Designer: Cory Hansen

Pattern: Wild Thing

Some of Cory's first memories involve fishing with his dad.  At the age of 10 his father bought him his first ever fly rod.  Growing up in Yellowstone National Park the first 12 years of his life instilled a deep appreciation for the outdoors. The upper Gardiner River was within walking distance of the house and he and his dad would spend countless hours fishing it.  Upon moving to Alaska in 2001 his love of fishing continued to grow.  After high school he remained in Alaska and started what would become a career in the fly fishing industry.  Guiding for Bear Creek Outfitters in Juneau was his first real fly fishing guide job, which led to guiding week-long float trips for both Frontier River Guides and Alaska Rainbow Adventures, two of the best float trip operators in Alaska.  Now as a full-time member of Alaska Fly Fishing Goods he gets to share his knowledge and passion with everyone.  While guiding still has its pull, settling down with his wife and two dogs is an excellent reason to be home during the summer months.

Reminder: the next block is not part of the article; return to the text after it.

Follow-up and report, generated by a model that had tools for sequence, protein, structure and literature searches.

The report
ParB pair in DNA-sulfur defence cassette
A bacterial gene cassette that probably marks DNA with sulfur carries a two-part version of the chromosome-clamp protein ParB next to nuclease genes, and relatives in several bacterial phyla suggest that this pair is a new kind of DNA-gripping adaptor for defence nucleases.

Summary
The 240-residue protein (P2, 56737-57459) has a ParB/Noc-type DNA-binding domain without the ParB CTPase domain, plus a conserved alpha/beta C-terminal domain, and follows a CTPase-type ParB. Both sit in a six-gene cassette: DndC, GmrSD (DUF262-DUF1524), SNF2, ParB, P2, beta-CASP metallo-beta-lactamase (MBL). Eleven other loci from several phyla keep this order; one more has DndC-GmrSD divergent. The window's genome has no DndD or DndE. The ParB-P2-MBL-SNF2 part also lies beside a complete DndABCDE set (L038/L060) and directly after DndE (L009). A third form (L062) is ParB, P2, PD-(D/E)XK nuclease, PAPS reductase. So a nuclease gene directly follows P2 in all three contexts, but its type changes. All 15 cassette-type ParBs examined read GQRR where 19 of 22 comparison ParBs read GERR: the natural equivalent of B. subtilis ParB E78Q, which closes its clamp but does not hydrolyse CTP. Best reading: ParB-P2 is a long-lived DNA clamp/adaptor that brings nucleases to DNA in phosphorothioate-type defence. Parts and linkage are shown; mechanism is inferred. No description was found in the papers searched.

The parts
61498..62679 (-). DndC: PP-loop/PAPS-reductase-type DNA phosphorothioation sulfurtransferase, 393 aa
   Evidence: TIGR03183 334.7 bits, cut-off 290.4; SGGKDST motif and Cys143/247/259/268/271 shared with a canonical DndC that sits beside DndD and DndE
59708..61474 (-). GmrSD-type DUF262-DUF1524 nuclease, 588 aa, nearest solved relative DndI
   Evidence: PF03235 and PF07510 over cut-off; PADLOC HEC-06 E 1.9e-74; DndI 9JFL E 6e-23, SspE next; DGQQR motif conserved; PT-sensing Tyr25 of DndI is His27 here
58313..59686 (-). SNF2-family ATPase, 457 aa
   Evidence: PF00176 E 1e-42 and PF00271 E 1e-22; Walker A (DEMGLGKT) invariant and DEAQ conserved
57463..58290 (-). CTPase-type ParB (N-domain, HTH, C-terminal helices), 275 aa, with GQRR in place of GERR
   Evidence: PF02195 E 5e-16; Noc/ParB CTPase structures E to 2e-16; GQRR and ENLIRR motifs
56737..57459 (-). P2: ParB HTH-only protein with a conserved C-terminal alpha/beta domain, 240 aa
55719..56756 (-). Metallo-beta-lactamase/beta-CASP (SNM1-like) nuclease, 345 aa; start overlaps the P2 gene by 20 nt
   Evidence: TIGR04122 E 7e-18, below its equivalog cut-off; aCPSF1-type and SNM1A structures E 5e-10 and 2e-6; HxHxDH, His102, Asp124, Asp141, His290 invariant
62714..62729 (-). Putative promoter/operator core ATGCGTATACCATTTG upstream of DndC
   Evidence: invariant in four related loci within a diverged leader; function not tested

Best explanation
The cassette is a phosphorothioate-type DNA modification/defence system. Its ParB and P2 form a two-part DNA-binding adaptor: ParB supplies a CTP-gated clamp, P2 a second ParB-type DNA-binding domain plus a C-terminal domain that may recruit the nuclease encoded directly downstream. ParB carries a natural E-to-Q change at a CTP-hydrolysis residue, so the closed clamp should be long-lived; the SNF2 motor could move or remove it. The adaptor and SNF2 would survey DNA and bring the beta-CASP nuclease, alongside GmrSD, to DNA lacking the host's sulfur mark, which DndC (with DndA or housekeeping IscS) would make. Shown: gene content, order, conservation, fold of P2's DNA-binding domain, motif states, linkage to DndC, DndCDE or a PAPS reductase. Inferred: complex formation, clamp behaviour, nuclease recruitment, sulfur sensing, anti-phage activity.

About the Wild Thing

When I was still going to college, I worked at Alaska Fly Fishing Goods for a couple of summers before I went back to guiding full time.  In 2010, JD Flies was looking for new Alaska fly patterns and my co-worker encouraged me to submit some of mine.  My gut told me the Wild Thing was going to be a winner.  I drew the inspiration from the original Egg Sucking Leech style of fly.  Adding a stinger hook was a no brainer.  The synthetic wing, rubber legs and polar chenille are really what helped bring this pattern to life.

My idea for the Wild Thing was simple.  I wanted a fly that had a heavy head to get a decent jigging action, but not so heavy that you couldn't swing runs with it.  In my mind I was hoping for a fly that fished like the Dolly Llama but was easier to cast.  And like the original Egg Sucking Leech, it has turned out to be a super fishy fly that catches a wide variety of species. Rainbow trout, Dolly Varden, chum, coho and king salmon all hammer it.

The pink version works for everything and that didn't surprise me at all.  If you have fished Alaska before you know what I'm talking about. Rainbows love it as well as kings and coho.  In Western Alaska the black version is deadly on chrome bright chums.  In Southeast AK and B.C.  the black version has also proven to be an extremely effective fly to swing for bruiser steelhead. The chartreuse version was added after the pattern had been out a few years, and has proven itself as a winner king fly.  Perhaps the most surprising color was purple and how much big rainbows love it.  In the lower reaches of some Western AK rivers this is one of my most productive trout patterns.